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Digitalisation to empower India’s wind industry’s IPPs operators

Digitalisation to empower India’s wind industry’s IPPs operators

India’s wind industry-independent power producers (IPPs) must adopt digitalisation to empower their decision making with independent, reliable, and strategically-led operations and maintenance (O&M) technology.

According to a UK-based ONYX Insight, data analytics consultancy, a constant focus on acquiring assets that come with maintenance packages has limited the industry’s ability to fulfil its full potential.

A research revealed that average O&M expenditures account for 60% of wind farm operating expenses, and this average is greater in India.

Many owners-operators are depending on the often-inconsistent fulfilment of original equipment manufacturers’ (OEM) maintenance requirements to maintain asset lifespan, rather than being able to take control of their own O&M process.

OEM service in India isn’t always up to pace due to a scarcity of spare parts and a lack of asset health data, leaving the wind industry inefficient.

As a result, IPPs are looking for a way to reclaim their independence and acquire the ability to establish their own operations and maintenance policies.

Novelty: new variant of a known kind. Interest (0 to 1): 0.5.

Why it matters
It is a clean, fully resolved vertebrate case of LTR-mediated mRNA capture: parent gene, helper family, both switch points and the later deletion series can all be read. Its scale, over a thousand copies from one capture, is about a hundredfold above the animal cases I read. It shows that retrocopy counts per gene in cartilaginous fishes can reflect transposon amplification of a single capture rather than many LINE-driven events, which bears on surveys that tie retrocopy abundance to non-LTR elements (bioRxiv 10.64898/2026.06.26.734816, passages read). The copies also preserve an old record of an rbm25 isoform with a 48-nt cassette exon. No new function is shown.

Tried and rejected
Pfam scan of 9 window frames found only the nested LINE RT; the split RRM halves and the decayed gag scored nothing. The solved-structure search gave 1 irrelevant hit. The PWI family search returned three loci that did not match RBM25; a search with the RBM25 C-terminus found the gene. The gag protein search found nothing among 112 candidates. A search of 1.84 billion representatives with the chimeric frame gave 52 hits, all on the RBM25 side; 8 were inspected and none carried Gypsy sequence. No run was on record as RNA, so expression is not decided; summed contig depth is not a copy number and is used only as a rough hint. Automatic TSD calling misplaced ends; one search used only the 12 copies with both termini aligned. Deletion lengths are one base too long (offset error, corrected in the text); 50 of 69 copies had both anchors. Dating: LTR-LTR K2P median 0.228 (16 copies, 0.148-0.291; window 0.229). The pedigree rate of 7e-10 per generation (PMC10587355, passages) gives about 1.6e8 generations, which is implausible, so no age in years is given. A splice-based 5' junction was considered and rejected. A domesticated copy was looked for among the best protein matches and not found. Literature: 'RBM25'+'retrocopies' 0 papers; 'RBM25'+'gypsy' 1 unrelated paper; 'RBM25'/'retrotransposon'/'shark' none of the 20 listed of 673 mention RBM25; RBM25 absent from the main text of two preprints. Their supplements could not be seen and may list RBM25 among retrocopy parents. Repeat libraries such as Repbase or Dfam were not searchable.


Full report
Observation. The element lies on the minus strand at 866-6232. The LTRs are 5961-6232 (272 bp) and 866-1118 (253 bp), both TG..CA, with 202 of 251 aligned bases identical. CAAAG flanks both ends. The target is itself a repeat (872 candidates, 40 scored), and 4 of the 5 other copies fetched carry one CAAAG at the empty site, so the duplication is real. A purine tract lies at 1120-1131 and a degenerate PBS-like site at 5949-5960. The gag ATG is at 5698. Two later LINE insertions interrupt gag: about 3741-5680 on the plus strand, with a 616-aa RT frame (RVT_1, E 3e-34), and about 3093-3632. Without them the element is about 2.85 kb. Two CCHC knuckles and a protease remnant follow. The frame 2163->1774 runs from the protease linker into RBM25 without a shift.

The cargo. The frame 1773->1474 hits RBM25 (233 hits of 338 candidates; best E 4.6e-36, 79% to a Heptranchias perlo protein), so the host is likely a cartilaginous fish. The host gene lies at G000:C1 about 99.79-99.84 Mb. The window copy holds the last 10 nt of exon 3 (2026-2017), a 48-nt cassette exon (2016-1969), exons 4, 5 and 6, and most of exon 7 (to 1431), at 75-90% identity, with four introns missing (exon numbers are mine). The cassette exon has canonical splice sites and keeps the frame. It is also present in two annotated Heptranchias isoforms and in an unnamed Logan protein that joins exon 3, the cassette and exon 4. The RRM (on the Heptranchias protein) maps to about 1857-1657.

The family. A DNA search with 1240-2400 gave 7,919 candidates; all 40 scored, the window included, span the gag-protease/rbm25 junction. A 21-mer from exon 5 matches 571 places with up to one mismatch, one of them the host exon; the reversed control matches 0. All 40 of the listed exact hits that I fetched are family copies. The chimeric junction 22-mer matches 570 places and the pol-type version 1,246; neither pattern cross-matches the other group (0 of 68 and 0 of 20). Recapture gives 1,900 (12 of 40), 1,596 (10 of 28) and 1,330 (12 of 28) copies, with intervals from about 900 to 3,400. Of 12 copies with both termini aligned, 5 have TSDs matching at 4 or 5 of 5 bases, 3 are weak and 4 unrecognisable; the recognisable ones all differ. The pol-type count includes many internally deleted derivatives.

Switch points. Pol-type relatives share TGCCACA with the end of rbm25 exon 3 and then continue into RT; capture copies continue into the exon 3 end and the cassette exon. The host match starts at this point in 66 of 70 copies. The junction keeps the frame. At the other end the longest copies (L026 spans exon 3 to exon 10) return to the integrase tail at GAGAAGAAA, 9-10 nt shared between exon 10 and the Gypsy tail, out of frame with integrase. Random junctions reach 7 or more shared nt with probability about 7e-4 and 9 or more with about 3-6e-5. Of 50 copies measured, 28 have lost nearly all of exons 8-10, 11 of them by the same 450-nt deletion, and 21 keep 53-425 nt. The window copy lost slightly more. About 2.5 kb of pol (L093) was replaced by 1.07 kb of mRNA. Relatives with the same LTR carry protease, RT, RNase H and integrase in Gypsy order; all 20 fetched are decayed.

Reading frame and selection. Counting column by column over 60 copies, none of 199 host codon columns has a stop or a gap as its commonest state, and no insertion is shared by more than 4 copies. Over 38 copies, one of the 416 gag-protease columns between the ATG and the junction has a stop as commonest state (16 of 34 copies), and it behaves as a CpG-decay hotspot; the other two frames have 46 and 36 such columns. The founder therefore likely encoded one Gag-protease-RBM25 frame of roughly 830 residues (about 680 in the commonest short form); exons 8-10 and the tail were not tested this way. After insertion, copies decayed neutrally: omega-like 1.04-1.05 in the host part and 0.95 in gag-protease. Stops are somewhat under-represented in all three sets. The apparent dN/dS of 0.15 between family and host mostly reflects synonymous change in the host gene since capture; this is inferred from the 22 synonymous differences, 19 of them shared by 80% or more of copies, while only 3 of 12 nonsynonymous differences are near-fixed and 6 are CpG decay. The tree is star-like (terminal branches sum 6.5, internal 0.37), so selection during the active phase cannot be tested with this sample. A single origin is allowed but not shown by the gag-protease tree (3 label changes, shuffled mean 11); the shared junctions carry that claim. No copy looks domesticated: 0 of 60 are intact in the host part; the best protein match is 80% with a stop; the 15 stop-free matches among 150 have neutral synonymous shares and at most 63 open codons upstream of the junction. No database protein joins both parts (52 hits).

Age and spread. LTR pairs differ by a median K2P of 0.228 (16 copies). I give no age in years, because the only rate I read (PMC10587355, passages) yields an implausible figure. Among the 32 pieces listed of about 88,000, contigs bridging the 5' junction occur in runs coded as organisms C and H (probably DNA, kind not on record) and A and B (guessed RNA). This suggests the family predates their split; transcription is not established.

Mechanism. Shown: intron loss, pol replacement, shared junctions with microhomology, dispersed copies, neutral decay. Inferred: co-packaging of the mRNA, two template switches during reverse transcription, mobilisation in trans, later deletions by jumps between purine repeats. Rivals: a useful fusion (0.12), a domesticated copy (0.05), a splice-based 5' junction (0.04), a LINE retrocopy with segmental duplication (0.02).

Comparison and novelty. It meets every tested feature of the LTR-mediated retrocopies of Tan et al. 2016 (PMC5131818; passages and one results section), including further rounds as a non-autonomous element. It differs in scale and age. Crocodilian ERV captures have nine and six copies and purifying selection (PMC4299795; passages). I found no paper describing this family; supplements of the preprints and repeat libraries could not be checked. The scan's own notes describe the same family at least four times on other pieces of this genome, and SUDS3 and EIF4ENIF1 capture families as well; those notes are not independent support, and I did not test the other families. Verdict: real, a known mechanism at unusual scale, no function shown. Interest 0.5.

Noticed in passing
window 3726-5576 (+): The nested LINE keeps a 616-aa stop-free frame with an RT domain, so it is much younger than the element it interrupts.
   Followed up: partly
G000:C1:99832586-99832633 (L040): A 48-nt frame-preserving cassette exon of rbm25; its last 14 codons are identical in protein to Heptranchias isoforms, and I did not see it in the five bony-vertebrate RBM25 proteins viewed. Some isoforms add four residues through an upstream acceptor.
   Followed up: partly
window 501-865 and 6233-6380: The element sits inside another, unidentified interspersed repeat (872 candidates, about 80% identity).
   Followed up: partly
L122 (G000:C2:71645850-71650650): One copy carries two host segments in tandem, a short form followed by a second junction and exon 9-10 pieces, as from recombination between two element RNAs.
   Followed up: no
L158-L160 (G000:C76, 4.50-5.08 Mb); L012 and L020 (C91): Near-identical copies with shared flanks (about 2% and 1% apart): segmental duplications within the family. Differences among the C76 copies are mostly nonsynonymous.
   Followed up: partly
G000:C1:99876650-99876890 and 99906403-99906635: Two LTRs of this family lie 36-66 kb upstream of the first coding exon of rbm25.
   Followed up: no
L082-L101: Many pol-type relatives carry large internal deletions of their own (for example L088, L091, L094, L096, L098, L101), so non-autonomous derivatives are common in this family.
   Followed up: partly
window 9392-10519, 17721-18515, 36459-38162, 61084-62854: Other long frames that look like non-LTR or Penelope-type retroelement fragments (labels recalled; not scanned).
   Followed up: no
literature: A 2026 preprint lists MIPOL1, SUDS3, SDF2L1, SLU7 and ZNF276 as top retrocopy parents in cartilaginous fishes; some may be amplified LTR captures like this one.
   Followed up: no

Sharath Prabhakaran, business development manager at ONYX Insight in India, digitalisation is that alternative.

Prabhakaran told the media that an operator’s capacity to cope with a variety of issues is hampered by a lack of digital technology.

Small defects that go undetected can silently develop, resulting in catastrophic failures and substantial downtime later. With no immediate view of asset health and no methods of issue forecasting, minor faults can silently worsen, resulting in catastrophic failures and major downtime later.

He said addressing problems only when they are most important wastes time and money, with clumsy case management systems stuck between data silos posing further efficiency obstacles.

According to ONYX, 62% of wind industry stakeholders think that data access is the biggest obstacle to digital advancement.

Operators can cut downtime and unexpected repairs for up to ten years and lower their levelised cost of energy by up to 12% by using digital technologies and taking control of their own maintenance.

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